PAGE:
Back on August 28th, I brought three Uranium stocks to your attention because of the “explosive” upside potential that existed at the time.

Just one day later, the explosion began.

Cameco (CCJ), Denison Mines (DNN), and Uranium Energy Corp.(UEC) are just three stocks within an industry that may be poised for a massive move over the months and, quite possibly, years ahead.

Recently, after a brief correction during the second half of September, the sector has seen another price surge, which, for traders like myself who don’t like to chase trades, makes it difficult to find the right spot to buy.

Look, the stock market has been crazy in recent years, with numerous stocks constructing lasting rallies that defy logic.

Therefore, we can’t ignore the possibility that this sector may have already left the station for good.

With this potential scenario on the table, today I am going to show you two ways to approach this sector.

One way will cater to patient traders like myself, while the other will cater to more aggressive momentum traders.  

The long-term case for Uranium is strong

The recent global energy crisis has once again brought nuclear power as an efficient alternative to unreliable “green” energy to the attention of traders around the world.

After years of stagnant prices, a recent surge in the cost of nuclear fuel, uranium, has helped attract investors back to the sector, especially with France, Finland, and Japan recently hinting at making preparations to restart their nuclear power plants.

The jump in natural gas and coal prices to fresh highs this month has also worsened things in Europe and China.

Here’s how a momentum trader can approach this sector

When you’re fortunate enough to hitch on to a good momentum trade, that old adage, “the trend is your friend” becomes something to live by.

Momentum traders believe that these trends, whether up or down, will continue to head in the same direction because of the momentum that is already behind them.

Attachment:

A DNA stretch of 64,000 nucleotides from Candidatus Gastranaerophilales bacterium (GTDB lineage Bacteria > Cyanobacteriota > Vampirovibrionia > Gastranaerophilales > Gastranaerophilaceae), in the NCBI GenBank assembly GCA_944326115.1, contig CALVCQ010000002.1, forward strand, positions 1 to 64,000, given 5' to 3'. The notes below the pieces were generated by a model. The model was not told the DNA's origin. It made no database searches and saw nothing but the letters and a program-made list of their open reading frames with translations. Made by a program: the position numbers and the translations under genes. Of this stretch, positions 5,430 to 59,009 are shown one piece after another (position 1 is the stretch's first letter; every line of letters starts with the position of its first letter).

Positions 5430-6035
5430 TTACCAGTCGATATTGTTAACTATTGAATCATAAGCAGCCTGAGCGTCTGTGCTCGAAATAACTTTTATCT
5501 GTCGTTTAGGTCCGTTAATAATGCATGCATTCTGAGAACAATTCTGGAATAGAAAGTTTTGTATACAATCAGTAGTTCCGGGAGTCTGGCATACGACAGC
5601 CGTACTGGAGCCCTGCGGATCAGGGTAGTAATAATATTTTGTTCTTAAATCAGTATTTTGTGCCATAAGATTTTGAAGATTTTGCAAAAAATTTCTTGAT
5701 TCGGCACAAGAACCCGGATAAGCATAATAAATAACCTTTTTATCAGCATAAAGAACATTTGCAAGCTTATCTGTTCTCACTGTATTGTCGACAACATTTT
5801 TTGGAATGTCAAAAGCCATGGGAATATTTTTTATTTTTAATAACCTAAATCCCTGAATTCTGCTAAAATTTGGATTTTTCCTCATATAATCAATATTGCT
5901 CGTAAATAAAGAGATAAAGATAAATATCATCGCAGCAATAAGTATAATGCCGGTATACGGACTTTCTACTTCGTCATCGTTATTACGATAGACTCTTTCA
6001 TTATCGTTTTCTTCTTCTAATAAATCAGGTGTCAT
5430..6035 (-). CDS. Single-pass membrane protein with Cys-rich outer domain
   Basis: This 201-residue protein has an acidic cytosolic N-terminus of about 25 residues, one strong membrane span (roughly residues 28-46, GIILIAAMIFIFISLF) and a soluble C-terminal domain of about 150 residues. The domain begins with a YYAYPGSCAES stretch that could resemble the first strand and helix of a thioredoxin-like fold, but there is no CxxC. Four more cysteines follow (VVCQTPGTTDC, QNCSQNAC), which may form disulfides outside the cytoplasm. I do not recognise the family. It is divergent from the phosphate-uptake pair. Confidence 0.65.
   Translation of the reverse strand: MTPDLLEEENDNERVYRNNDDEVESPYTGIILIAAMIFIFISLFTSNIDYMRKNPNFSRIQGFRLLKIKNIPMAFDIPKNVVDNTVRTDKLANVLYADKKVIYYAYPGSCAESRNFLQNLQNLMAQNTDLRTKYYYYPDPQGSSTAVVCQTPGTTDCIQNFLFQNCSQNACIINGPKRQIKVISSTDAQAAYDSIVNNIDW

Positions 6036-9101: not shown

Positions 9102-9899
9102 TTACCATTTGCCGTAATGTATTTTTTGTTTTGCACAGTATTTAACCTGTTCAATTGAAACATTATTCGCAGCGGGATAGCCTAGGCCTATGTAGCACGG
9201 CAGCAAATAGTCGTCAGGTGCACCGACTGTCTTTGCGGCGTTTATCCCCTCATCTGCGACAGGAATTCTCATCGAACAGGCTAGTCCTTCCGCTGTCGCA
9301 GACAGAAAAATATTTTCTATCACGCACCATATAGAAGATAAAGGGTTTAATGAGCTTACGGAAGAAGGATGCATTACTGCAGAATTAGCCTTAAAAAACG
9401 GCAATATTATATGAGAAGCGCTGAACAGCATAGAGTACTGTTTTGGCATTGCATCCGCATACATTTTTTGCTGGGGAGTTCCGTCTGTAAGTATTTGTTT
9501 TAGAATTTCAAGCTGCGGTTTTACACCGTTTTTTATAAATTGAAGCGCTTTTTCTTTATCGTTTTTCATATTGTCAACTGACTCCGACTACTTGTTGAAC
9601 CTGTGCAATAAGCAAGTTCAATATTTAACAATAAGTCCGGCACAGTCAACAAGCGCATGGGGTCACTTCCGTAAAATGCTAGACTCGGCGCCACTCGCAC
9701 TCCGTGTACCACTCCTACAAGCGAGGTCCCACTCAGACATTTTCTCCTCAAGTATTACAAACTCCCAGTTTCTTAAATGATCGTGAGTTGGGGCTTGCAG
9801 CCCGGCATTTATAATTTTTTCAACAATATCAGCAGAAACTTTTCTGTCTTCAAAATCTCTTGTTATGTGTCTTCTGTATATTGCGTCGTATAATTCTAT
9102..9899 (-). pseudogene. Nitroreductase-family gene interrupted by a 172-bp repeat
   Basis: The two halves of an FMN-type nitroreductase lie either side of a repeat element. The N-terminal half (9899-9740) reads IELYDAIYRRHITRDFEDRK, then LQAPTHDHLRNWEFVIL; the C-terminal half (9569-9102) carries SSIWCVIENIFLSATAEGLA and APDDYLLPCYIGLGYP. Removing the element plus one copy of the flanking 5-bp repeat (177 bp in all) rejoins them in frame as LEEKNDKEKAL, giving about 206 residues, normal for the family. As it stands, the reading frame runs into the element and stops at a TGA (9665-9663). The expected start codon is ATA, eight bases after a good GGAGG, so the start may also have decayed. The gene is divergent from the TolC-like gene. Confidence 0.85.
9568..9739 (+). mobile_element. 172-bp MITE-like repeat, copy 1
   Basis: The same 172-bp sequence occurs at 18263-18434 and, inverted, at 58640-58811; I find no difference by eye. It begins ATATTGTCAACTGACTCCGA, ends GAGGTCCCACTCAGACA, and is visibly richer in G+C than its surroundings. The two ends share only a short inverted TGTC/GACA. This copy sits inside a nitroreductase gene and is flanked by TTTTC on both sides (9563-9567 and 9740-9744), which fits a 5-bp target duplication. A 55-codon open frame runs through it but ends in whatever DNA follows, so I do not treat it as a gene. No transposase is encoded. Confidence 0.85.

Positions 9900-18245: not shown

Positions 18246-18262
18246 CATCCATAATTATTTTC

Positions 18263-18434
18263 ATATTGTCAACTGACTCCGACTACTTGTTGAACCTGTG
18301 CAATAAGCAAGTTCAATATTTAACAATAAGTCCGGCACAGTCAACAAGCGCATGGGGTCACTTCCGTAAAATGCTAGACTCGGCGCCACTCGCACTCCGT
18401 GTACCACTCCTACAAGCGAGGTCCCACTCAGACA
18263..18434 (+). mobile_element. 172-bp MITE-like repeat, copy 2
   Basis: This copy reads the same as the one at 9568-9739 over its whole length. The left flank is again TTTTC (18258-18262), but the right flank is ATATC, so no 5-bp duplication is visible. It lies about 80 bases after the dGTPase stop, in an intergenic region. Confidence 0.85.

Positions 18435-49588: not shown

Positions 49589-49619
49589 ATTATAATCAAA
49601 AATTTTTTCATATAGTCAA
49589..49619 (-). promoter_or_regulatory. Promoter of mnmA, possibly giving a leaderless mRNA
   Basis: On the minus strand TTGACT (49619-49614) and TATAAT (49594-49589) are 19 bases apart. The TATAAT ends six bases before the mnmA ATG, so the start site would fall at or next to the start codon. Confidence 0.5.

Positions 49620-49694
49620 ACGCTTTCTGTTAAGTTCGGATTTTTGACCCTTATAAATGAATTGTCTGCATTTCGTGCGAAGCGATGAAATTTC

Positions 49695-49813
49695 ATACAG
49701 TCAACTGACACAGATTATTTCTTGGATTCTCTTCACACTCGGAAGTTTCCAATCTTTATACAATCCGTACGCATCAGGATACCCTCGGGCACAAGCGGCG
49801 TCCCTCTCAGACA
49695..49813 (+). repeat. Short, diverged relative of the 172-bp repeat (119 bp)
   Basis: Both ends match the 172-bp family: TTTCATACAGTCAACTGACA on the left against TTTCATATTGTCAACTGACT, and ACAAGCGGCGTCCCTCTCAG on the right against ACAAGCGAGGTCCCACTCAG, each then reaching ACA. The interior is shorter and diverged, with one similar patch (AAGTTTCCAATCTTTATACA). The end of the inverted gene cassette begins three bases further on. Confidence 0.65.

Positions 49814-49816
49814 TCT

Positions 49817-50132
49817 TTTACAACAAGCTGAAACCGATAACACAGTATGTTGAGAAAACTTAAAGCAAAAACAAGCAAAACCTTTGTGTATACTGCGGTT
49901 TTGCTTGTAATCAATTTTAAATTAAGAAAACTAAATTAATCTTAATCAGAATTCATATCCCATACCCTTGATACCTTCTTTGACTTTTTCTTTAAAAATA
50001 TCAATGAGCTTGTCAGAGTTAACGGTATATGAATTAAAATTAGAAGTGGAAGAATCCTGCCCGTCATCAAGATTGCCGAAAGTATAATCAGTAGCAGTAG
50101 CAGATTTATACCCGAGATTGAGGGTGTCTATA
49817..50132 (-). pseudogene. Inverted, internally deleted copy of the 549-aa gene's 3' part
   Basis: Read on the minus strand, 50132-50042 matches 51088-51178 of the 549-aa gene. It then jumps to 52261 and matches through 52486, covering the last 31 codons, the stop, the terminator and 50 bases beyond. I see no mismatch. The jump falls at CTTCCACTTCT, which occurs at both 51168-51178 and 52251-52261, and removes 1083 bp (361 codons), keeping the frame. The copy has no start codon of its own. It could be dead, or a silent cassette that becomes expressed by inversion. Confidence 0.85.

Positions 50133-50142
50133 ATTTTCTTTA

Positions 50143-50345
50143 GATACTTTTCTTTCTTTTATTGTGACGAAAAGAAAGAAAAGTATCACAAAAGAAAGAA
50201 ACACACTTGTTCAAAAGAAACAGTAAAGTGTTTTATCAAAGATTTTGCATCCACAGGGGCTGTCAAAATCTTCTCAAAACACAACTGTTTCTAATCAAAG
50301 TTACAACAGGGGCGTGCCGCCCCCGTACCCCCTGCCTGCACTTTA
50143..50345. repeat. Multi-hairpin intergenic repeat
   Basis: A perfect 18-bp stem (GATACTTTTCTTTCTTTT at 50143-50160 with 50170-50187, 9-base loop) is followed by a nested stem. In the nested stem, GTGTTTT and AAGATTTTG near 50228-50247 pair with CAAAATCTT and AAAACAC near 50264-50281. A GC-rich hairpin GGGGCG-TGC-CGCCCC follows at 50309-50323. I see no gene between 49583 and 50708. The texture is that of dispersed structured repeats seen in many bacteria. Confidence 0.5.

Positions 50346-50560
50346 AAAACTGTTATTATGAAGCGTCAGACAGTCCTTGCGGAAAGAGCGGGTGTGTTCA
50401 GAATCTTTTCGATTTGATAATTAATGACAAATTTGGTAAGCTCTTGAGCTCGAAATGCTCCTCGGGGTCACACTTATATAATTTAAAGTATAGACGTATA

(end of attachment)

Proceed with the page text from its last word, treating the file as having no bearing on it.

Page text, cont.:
When a momentum trade has truly gone “beast mode,” as my partner Jason Bond likes to say, there’s basically no stopping it, and any pullbacks that might happen as the trade is developing are often too small to notice.

Trust me when I tell you that in real time, when a winning momentum trade is producing exponential growth in your PnL, emotion can often get the best of you, leading you to trim too large a position too early. 

By using the stock’s volatility to construct a trailing stop, however, you can ride this glorious “beast mode” phase for all it’s worth. 

So how is this done?

The method I’d like to introduce you to today is something called an ATR-based volatility stop.

ATR-based trading plans are hugely popular.

As a trailing stop method during periods when a momentum trade has gone parabolic, it can be used to signal when a pullback has gone too far for the trader to feel comfortable that there is still enough panic buying interest to keep a parabolic rally going uninterrupted. 

If you think about the math here, a 1x ATR price move is within the realm of normalcy for whatever lookback period you’ve put in your ATR settings. 

How is the ATR stop calculated during a trend?

As Figures 1 – 3 below show, when a stock is trending higher, the indicator is simply calculated by subtracting the ATR from the most recent closing price.